The week at EID started with a guest post from Peter Hancock. Peter is one of the most well-respected human factors professionals and a past president of the Society. He is also notoriously philosophic in his writings. So I was really excited to have him as our first guest post. Read it (after you finish this review of course). It is really thought provoking.
Of course, no week would be complete without a piece on priming. This one is a pet peeve of mine, and apparently a lot of other people according to the study I linked to. Do you start sentences with “So, . . .”? You should really stop.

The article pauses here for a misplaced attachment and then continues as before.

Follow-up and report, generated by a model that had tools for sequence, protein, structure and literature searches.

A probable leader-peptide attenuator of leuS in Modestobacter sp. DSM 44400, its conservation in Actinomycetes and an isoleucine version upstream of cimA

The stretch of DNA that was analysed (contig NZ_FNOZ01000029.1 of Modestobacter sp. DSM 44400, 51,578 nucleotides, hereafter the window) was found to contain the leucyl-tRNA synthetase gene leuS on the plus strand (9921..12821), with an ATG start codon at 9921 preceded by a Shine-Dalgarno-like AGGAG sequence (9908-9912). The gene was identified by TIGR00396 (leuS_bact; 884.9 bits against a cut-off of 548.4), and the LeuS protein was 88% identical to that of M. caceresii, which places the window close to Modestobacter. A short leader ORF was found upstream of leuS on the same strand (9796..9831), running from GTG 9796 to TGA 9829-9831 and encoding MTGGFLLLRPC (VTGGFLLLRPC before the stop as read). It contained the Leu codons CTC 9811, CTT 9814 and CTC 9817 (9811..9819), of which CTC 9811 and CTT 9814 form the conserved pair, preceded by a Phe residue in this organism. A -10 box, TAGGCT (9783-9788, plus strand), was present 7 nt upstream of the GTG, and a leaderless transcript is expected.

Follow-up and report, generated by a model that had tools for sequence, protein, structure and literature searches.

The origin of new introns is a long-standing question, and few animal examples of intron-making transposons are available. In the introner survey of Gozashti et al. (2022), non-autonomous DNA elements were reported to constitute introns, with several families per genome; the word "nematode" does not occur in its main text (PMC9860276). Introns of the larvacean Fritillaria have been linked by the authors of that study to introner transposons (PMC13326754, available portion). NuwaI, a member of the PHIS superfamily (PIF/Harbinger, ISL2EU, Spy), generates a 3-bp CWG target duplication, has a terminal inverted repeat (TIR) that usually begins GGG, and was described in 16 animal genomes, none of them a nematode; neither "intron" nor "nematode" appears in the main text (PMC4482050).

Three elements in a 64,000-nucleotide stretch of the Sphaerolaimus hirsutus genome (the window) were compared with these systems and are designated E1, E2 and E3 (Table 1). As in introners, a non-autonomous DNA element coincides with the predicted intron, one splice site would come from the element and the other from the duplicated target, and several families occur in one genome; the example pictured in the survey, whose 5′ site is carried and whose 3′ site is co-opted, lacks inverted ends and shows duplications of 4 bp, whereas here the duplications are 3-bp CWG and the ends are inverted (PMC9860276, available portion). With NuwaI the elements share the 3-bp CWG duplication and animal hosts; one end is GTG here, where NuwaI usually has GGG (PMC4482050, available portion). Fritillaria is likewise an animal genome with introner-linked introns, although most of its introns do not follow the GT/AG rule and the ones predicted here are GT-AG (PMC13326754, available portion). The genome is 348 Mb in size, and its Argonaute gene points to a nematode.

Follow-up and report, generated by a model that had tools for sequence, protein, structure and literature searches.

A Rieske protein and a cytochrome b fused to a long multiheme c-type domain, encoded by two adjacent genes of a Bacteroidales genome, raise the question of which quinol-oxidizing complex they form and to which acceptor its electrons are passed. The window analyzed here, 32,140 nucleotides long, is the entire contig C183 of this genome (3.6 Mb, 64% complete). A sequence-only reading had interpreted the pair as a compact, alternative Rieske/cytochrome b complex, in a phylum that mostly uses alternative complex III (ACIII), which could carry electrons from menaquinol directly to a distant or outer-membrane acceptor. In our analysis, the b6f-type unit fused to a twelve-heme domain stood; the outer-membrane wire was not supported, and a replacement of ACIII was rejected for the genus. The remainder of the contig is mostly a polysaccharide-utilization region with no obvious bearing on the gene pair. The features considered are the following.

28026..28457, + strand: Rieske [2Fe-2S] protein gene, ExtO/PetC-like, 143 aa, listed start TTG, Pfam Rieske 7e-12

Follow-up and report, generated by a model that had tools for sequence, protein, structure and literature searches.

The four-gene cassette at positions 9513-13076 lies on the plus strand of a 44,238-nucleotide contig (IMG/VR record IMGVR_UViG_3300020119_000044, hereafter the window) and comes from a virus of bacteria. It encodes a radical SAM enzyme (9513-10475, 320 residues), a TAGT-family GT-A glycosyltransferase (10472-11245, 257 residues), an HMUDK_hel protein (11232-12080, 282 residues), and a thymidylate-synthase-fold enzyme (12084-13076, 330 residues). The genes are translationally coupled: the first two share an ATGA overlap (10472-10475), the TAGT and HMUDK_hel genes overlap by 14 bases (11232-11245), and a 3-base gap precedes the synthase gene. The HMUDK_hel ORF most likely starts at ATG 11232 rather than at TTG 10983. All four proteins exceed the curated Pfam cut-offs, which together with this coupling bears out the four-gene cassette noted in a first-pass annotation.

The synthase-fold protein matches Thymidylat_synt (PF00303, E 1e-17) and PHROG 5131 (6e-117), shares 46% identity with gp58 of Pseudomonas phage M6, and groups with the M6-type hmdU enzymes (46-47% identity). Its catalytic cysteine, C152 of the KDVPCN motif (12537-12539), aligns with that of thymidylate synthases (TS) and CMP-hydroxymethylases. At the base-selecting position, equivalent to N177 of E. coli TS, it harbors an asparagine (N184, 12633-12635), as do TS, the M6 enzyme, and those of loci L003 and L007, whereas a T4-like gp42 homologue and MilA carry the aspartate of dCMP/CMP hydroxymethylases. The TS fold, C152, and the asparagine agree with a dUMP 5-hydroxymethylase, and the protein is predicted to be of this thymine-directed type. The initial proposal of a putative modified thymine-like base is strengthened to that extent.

Self-identity resonance is a phenomenon that most of us underappreciate. Our behavior is probably more driven by actions that make us feel better about ourselves than by optimizing things like health or success. We see this over and over again (and why it comes up so much in my blogging). In this piece, I reviewed an intervention that was used to improve vaccination rates, but failed because of a lack of self-identity resonance.
On Thursday we turned to a sad anniversary, the Bangladesh Rana Plaza disaster. We compared the two accords that have sprung up since and how they differ in terms of how serious about safety the signatory companies are. It seems the Europeans are much more serious that the Americans are when it comes to safety. What else is new?